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For many of us, these are among the most challenging times we have encountered in our careers. Beliefs and issues that used to be taken for granted are now called into question. Accusations are made without basis in fact or experience. Kindness and grace seem to be in short supply. Rudeness and negativity seem to rule the day.


Yet, these are not the first times we have faced confusion and controversy and we are not the first people to confront difficult challenges. In fact, we can draw much from our experiences and learn from those who came before us about how to navigate and succeed in the face of trying times. We can allow what we are experiencing to try our patience, sap our enthusiasm, and drain our energy, or we can make another choice. We can rise above what seeks to pull us down and walk a brighter, more satisfying path. Here are six secrets we can tap to lift our spirits and maintain a positive outlook.


Choose to smile. This secret at first may seem too simple. Yet, research shows that the act of smiling, even when it is not completely genuine, releases chemicals in our brain that make us feel better. Additionally, when we choose to smile, people we encounter are more likely to respond positively to us and further improve our outlook. It happens that attitudes are contagious. When we choose to smile, we can “infect” others in positive ways.


Associate with positive people. Our outlook also tends to be influenced by the people with whom we choose to spend time. We can choose to spend time with optimistic, caring people. In the same way that our attitudes influence others, their moods and outlook can have an impact on ours. The more time we spend with positive people, the better we tend to feel. The opposite also is true.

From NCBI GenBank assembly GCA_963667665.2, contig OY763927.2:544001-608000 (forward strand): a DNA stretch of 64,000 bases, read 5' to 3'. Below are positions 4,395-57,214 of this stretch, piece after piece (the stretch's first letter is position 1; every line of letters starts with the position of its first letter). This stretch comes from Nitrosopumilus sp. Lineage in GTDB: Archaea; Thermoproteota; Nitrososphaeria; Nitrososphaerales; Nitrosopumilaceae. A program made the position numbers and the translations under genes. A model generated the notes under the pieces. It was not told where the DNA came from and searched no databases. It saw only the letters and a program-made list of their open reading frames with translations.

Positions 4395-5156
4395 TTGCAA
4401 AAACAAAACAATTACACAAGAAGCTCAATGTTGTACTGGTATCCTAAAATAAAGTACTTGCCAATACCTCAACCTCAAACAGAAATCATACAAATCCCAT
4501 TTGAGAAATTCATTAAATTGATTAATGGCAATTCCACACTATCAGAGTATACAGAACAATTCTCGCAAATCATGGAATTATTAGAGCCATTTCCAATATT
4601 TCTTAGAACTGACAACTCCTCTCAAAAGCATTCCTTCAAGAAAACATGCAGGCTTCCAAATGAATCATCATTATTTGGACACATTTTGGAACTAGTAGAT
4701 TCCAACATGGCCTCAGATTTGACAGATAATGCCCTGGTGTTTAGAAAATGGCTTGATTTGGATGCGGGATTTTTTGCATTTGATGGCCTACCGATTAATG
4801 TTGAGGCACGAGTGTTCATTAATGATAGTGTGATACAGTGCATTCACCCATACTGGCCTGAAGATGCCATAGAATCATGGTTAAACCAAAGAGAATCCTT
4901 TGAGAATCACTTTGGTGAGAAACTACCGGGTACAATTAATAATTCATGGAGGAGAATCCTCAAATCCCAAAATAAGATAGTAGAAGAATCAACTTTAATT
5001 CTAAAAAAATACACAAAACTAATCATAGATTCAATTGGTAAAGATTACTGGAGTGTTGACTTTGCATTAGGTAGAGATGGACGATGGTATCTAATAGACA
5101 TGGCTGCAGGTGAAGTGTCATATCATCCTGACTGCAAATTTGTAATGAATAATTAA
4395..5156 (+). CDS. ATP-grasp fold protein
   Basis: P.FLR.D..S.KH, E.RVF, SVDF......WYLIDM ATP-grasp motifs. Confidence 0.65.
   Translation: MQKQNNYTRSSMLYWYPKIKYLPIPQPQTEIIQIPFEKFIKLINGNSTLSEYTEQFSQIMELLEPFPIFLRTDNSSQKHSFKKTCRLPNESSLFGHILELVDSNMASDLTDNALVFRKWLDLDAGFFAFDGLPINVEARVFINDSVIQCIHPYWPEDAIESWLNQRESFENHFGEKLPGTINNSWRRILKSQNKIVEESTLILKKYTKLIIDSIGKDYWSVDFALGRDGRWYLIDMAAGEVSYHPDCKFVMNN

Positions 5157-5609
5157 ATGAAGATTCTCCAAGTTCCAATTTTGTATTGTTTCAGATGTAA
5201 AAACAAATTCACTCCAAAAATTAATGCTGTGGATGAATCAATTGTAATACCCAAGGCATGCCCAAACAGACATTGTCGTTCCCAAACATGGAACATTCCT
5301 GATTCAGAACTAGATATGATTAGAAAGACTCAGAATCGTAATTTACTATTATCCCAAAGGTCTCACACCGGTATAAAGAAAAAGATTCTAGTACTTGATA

Look for what is good. A fact of life is that what we look for is what we are most likely to find. If our attitude has us looking for what is wrong, we are likely to notice something negative in each encounter. Our words and interactions may become laced with negativity, and we can even become needlessly embroiled in arguments and controversy. On the other hand, when we look for what is good, notice what is right, and focus on things that are positive, we tend to see and experience more that reinforces our positive outlook.


Own our choices. We cannot always control what happens, but we can choose how we will interpret what happens and how we will respond. We may interpret someone neglecting to respond to our question as ignoring us, or we may conclude that they did not hear us. We may interpret a sharp comment as a judgement toward us, or we may reflect on the pressures and stress the person is experiencing. We may become frustrated when our efforts are overlooked, or we may take pride in knowing what we have accomplished. Importantly, our outlook is influenced as much by how we interpret and respond to what we experience as the experience itself.


Adopt a bias toward action. When we see something that needs to be addressed, experience events that are hurtful, or hear words that are untrue, we can choose to become involved. Doing nothing can have the same impact as not being able to do something. When we choose to become involved in what is important to us, we move from feeling helpless to empowered.


Tap the power of “yet.” We coach students to think “not yet” rather than “cannot” when initial attempts with a learning task are not successful. We can tap the same optimism and energy when our efforts are not initially successful. Trying a new instructional practice, testing a new routine, or addressing a difficult challenge may require reflection, iteration, and persistence. Rather than give up, we can shift our focus toward what to do next. Not everything always works perfectly. The questions to ask are, what can I improve or correct, and what other strategies and approaches should I consider?


Life has a way of challenging us at every stage. Yet, it is in the challenges we face that we grow and learn. What we experience may not always be pleasant, but every experience offers a lesson. What is important is that we remain ready to learn and open to what life has to offer.

Thought for the Week

When we understand another person’s perspective, what they are thinking and feeling, we are better able to relate to them and understand their needs.

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